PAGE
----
The slow transformation of Treasure Island from a Navy base to San Francisco’s largest housing project turned a tricky corner on Friday when 290 acres traded hands from the U.S. Navy to the city.
The exchange allows for developers Lennar Urban and Wilson Meany to start building infrastructure and streets by next year and construction on the first phase of 500 housing units around Clipper Cove by 2017. Treasure Island and adjoining Yerba Buena Island will eventually have 8,000 housing units (one-quarter to be priced as affordable), retail and 300 acres of parkland.
The $1.5 billion project has grinded along for more than a decade through a complicated development agreement, environmental lawsuits and concerns about radiation contamination. Now, it’s full steam ahead after the state court ruled in favor of the developers.
“This was an underused military base in one of the most housing starved areas of the country,” said Chris Meany, partner at Wilson Meany. “In San Francisco, where there are development wars, people throw stones at this project. When it’s done, this is going to be an incredibly safe, seismically sound, incredibly appropriate residential development.”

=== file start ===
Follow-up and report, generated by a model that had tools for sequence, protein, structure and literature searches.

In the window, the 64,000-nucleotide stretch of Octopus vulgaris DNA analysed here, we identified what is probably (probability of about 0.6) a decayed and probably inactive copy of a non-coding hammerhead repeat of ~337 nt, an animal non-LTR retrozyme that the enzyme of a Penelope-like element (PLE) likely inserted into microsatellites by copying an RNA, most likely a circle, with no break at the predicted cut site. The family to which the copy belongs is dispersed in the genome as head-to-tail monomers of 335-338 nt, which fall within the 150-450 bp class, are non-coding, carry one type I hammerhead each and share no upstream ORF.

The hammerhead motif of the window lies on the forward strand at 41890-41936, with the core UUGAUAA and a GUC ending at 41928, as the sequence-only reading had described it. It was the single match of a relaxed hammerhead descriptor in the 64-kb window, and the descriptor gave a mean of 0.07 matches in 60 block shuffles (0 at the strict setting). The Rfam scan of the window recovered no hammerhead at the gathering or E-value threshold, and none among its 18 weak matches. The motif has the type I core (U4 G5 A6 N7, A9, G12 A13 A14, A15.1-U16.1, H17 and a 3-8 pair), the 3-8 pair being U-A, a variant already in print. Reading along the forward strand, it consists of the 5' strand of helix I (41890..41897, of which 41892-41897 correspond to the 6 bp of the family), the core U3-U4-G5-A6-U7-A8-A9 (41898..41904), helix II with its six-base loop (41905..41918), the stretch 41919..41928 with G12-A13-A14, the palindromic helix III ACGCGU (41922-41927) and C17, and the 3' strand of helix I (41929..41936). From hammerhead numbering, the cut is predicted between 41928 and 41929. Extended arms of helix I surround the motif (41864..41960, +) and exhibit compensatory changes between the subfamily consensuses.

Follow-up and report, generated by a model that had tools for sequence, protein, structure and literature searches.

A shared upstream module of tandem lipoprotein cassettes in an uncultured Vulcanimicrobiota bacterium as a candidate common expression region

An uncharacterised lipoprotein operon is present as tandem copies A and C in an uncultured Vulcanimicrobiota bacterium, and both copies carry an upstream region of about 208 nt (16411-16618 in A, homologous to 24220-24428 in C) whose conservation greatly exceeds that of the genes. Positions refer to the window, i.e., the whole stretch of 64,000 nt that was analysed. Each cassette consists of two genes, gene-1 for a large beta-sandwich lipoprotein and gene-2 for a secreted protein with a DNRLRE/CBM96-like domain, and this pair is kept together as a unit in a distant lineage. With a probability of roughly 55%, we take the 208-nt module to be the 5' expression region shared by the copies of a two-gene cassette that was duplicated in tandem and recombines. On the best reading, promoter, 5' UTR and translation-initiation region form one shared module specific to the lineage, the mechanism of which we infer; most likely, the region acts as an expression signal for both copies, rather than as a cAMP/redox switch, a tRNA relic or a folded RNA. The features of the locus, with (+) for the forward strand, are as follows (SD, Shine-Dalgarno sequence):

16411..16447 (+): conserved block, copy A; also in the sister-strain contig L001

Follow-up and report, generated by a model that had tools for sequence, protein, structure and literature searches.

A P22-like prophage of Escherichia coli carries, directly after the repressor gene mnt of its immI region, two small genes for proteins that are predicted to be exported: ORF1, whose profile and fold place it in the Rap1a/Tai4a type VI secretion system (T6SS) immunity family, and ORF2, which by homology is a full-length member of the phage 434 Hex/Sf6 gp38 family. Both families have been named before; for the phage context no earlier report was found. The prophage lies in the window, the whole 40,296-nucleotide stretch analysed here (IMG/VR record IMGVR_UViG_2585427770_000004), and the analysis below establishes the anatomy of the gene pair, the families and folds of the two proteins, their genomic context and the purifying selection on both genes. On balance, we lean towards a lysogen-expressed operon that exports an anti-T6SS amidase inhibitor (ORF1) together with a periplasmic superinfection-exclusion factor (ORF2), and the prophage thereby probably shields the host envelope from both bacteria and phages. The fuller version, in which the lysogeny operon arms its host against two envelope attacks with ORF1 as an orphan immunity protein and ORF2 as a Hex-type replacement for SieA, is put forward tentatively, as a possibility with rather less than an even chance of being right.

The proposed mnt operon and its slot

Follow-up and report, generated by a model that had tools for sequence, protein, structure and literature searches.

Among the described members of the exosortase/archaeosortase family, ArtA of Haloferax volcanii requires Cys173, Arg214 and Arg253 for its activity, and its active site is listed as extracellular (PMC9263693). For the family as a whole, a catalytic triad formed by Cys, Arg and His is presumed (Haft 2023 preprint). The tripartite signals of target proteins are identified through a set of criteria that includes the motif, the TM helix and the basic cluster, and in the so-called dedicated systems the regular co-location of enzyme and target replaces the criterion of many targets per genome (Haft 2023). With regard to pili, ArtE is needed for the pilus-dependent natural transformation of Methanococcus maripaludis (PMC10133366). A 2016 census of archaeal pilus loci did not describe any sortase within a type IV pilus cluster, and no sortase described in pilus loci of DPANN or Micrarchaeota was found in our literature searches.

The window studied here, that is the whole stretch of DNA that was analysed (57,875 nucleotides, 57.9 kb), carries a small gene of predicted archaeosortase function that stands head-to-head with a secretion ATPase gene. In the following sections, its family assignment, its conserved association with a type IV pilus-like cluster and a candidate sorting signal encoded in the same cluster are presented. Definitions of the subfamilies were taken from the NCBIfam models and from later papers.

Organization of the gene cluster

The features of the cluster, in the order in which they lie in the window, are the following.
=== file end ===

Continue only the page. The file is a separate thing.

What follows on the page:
The Navy base closed in 1997, and the island now has about 2,000 residents and 160 commercial tenants. Land will continue to transfer from the Navy over the next seven years. The Navy will get $55 million over the next 10 years from the city and Treasure Island Community Development.
If all goes right for Lennar and Wilson Meany, over the next couple of decades (even during economic downturns, they say) the former base will be transformed. The development includes plans for houses, a hotel, shared streets and walkways, a market hall and a new ferry building. The developers must get each subphase of development approved before moving forward.
The developers have used their own financial partners to get this far, but will look to sell off development parcels once infrastructure and streets are laid down.
“One of the great things for us is we do have a number of years of development going forward and lots of vertical pieces, so we both have the means to go forward and we’re going to look to bringing other people in,” Meany said.